6 Grammar Lessons Hidden in Christmas Songs

We sing the same popular Christmas carols all through our lives, with lyrics memorized long ago. It often takes a child to point out that they make no sense. Or no sense to them, at least. The weird grammar used in Christmas songs can sometimes be blamed on the conventions of rhythm and rhyme, but other times, it's because the songs have been handed down to us from a time when the English language was different. For example,

2. Troll the ancient Yuletide carol

Trolling a carol might sound like some obnoxious attempt to undermine it, but it’s actually a great way to get in the holiday spirit. According to the OED, one of the meanings of “troll,” in use since the 16th century, is “to sing in a full, rolling voice; to chant merrily or jovially.” It’s related to the sense of rolling, or passing around, and probably came to be used to mean singing because of rounds, where the melody is passed from one person to the next. The modern, obnoxious sense of troll comes from a much later importation from Scandinavian mythology. People have increasingly been changing this line to “toll the ancient Yuletide carol” (now over 17,000 hits on Google). Don’t let the trolls win! Let’s troll the trolls by dragging this word back to the cheery side!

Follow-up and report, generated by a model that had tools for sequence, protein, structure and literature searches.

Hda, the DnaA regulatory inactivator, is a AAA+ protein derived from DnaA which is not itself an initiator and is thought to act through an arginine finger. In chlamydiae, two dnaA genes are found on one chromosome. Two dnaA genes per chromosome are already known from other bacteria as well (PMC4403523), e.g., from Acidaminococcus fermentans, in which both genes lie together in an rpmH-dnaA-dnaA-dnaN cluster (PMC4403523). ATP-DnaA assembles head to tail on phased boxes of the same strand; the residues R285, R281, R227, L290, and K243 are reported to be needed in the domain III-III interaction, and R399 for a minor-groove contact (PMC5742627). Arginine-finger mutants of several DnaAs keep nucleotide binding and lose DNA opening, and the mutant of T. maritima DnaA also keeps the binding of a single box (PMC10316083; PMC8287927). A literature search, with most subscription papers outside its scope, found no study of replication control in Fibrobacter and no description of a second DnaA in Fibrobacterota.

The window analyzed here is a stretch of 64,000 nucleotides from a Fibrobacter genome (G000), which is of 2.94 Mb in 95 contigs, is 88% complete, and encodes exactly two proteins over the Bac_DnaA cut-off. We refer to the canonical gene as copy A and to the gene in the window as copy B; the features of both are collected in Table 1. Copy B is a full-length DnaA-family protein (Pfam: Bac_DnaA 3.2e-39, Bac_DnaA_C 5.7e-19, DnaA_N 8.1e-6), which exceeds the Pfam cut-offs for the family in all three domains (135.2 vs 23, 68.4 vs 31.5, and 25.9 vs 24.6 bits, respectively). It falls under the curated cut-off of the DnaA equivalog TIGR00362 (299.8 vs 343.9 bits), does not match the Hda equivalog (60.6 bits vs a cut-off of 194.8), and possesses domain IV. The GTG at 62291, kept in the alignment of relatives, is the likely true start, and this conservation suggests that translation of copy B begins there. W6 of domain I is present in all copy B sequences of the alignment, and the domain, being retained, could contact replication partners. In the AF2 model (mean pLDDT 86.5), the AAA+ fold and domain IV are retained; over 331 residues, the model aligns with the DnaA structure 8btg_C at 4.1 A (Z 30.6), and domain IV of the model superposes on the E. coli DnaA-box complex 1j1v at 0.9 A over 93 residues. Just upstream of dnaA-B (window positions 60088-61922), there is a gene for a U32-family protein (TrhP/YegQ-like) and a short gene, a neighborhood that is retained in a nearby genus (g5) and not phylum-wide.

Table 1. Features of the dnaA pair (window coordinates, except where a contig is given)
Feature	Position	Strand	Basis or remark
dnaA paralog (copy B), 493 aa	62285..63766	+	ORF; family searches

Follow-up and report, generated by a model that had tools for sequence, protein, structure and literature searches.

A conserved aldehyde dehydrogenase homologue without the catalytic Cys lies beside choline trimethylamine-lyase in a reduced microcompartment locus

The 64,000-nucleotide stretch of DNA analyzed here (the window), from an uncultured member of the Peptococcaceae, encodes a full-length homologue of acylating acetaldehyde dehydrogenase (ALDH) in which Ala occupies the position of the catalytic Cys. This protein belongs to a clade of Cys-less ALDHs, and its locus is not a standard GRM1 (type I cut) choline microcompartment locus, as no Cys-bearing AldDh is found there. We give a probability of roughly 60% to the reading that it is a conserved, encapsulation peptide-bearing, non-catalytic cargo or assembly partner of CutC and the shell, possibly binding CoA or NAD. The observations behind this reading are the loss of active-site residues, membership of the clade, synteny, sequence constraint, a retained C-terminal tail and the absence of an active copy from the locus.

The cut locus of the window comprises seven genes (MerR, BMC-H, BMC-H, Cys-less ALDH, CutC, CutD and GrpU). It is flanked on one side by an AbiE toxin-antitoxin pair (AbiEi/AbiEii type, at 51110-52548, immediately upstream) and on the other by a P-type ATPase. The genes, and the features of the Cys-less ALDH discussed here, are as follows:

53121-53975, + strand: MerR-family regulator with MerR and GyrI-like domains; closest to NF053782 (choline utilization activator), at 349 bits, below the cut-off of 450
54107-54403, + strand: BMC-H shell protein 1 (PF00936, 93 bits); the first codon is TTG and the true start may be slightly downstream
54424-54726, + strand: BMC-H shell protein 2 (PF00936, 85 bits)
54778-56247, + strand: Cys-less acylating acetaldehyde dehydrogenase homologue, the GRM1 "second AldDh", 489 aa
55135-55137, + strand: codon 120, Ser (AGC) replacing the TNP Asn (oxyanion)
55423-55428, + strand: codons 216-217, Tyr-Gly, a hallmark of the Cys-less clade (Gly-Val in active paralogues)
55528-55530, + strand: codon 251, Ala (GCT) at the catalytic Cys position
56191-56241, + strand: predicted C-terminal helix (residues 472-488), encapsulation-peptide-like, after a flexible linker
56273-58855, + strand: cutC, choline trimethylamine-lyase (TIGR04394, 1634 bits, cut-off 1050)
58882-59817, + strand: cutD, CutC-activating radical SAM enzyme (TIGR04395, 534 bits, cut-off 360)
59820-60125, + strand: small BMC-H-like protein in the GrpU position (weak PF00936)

Linguist Arika Okrent explains five other Christmas lyrics that don't jibe with modern English as we know it at Mental Floss.

(Image credit: Flickr user anoldent)

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